Russia’s Foreign Ministry announces plans to collect biometric data and require citizens of CIS member states to have a passport to enter Russia.
Starting this year, Russian embassies in the UK, Denmark, Myanmar and Namibia will launch a pilot project requiring applicants for a Russian visa to be fingerprinted. Source: Anton Denisov/RIA Novosti
The Russian Foreign Ministry has announced two important changes to visa procedures, that will make entering Russia more difficult for citizens of some countries. According to Yevgeny Ivanov, head of the consular department of the Russian Foreign Ministry, these changes do not signify a tightening of the visa rules but are part of the modernization of visa procedures.
Starting this year, Russian embassies in the UK, Denmark, Myanmar and Namibia will launch a pilot project requiring applicants for a Russian visa to be fingerprinted.
In addition to collecting fingerprints as part of the visa application process, fingerprints will be scanned at border control at Moscow's Vnukovo airport.The Russian Foreign Ministry has already drafted a presidential decree on collecting biometric personal data, based on procedures in several other countries. Collection of biometric data as part of the visa application process is widely used by the consular services of many countries, including the United States and the UK. The EU has announced plans to do the same for Russian nationals starting from 2015.
Ivanov, said that the project is aimed primarily at improving visa integrity as part of combating illegal immigration and terrorism.
The UK will become the first country where applicants for a Russian visa will be fingerprinted, possibly as early as July 1. Denmark will be next. These two countries have been chosen for a reason: the pilot is expected to test coordination and interaction in fingerprinting collection between the Russian diplomatic missions and the visa centers operating there."It is expected that biometric data will be collected mainly at the visa centers, which would make it possible to avoid long queues at the Russian diplomatic missions where, as you know, people come not only to get a visa but to resolve many other issues as well," Ivanov said.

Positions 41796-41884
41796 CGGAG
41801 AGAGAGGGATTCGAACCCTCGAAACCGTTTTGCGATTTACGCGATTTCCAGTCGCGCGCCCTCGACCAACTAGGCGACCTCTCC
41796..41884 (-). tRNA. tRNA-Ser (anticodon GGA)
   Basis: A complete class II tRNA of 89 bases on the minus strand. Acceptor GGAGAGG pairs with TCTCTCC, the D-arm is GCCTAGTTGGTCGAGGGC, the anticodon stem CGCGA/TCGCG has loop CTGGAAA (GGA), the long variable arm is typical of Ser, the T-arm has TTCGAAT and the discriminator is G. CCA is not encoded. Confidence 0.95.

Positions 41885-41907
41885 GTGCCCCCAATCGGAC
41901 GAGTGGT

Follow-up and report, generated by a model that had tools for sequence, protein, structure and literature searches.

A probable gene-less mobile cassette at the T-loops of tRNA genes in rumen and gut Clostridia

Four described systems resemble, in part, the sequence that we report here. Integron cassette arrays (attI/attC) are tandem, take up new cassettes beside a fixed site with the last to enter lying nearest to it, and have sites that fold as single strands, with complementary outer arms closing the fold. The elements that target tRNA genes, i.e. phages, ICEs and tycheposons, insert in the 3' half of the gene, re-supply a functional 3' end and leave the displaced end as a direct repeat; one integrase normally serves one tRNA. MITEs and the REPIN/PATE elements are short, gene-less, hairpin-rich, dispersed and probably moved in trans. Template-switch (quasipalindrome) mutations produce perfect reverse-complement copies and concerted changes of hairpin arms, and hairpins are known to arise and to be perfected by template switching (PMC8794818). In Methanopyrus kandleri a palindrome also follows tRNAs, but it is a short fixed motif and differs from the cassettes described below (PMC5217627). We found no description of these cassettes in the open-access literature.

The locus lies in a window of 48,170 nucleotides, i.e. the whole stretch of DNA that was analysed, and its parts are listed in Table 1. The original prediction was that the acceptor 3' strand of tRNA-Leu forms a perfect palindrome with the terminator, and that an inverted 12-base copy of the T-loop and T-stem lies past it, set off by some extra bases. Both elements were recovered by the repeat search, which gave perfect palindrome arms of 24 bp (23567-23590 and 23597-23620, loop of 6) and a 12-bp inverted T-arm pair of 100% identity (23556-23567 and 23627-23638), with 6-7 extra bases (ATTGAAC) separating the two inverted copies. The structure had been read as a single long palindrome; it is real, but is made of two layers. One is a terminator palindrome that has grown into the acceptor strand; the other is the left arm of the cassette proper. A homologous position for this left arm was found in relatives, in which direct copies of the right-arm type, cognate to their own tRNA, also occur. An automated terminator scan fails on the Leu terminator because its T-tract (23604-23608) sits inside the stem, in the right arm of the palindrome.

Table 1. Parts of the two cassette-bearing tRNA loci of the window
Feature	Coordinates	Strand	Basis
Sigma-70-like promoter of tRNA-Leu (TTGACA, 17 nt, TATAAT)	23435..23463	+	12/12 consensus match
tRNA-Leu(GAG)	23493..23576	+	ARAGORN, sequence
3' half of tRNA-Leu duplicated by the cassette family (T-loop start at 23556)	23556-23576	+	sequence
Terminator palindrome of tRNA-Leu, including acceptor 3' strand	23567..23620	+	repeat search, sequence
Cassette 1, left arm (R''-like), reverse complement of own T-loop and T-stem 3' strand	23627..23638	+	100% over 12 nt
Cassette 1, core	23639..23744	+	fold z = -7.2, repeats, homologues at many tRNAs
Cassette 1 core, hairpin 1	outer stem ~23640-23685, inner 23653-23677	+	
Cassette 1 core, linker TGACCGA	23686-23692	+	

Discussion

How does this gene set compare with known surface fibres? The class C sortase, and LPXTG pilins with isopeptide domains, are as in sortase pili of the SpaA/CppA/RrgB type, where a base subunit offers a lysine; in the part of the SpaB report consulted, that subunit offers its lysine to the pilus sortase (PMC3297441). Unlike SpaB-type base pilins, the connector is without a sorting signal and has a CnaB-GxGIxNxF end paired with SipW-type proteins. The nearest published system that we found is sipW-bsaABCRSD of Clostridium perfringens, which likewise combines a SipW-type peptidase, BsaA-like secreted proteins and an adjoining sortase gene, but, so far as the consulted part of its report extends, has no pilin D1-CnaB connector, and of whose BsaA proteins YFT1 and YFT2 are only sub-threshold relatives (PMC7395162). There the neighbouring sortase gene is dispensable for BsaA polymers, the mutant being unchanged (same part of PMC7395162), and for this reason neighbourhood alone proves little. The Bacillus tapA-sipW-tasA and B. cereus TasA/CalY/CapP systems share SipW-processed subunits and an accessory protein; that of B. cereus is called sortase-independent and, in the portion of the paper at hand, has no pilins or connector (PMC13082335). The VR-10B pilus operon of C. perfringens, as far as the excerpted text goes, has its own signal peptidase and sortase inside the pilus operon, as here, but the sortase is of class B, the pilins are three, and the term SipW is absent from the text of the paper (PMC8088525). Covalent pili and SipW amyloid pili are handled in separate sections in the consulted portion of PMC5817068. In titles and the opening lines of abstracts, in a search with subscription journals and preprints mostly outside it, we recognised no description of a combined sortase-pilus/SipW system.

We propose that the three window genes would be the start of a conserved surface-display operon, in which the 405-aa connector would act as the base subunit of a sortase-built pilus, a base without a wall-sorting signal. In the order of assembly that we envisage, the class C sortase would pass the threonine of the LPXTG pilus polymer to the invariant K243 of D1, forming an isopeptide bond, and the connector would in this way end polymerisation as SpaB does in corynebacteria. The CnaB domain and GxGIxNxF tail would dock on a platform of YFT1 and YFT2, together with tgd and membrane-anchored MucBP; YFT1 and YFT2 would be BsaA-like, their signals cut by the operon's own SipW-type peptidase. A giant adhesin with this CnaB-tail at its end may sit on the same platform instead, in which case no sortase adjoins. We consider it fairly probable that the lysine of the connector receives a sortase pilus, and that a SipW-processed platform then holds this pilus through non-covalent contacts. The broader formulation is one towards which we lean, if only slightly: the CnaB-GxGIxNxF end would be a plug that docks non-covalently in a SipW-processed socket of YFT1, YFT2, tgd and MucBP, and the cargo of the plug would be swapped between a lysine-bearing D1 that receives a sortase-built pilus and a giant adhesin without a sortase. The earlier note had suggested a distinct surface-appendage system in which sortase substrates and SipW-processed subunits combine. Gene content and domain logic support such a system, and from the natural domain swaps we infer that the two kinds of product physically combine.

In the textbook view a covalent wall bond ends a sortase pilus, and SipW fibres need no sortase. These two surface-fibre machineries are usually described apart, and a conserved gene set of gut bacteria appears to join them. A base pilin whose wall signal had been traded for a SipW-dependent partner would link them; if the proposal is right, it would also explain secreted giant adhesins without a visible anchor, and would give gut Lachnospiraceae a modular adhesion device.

Myanmar and Namibia have been selected because they are countries where the number of applications for a Russian visa is relatively small. "There it will be first of all necessary to test the viability of the new system given how remote our diplomatic missions in those countries are, how reliable the equipment and communications are," Ivanov added.
The completion date for the pilot project has not yet been set. However, once it is over, the relevant amendments will be introduced to the current legislation, after which the Russian authorities will roll out the new procedure at all embassies and consulates. "We do not view fingerprinting as a sign of Russia introducing tougher visa requirements, rather it is part of the modernization of the whole process,” Ivanov said.
Additionally, following instructions from Russian President Vladimir Putin, preparations are under way to introduce a new procedure requiring passports for citizens of CIS member states to enter Russia, although the new rules will not apply to Belarus and Kazakhstan, which form part of the Customs Union and the Single Economic Space.
"Given the large amount of reciprocal travel, especially in the cross-border areas, consultations are under way with the Ukrainian side to agree on how to minimize the possible inconvenience that the new rules may cause to the citizens of both countries," Ivanov added.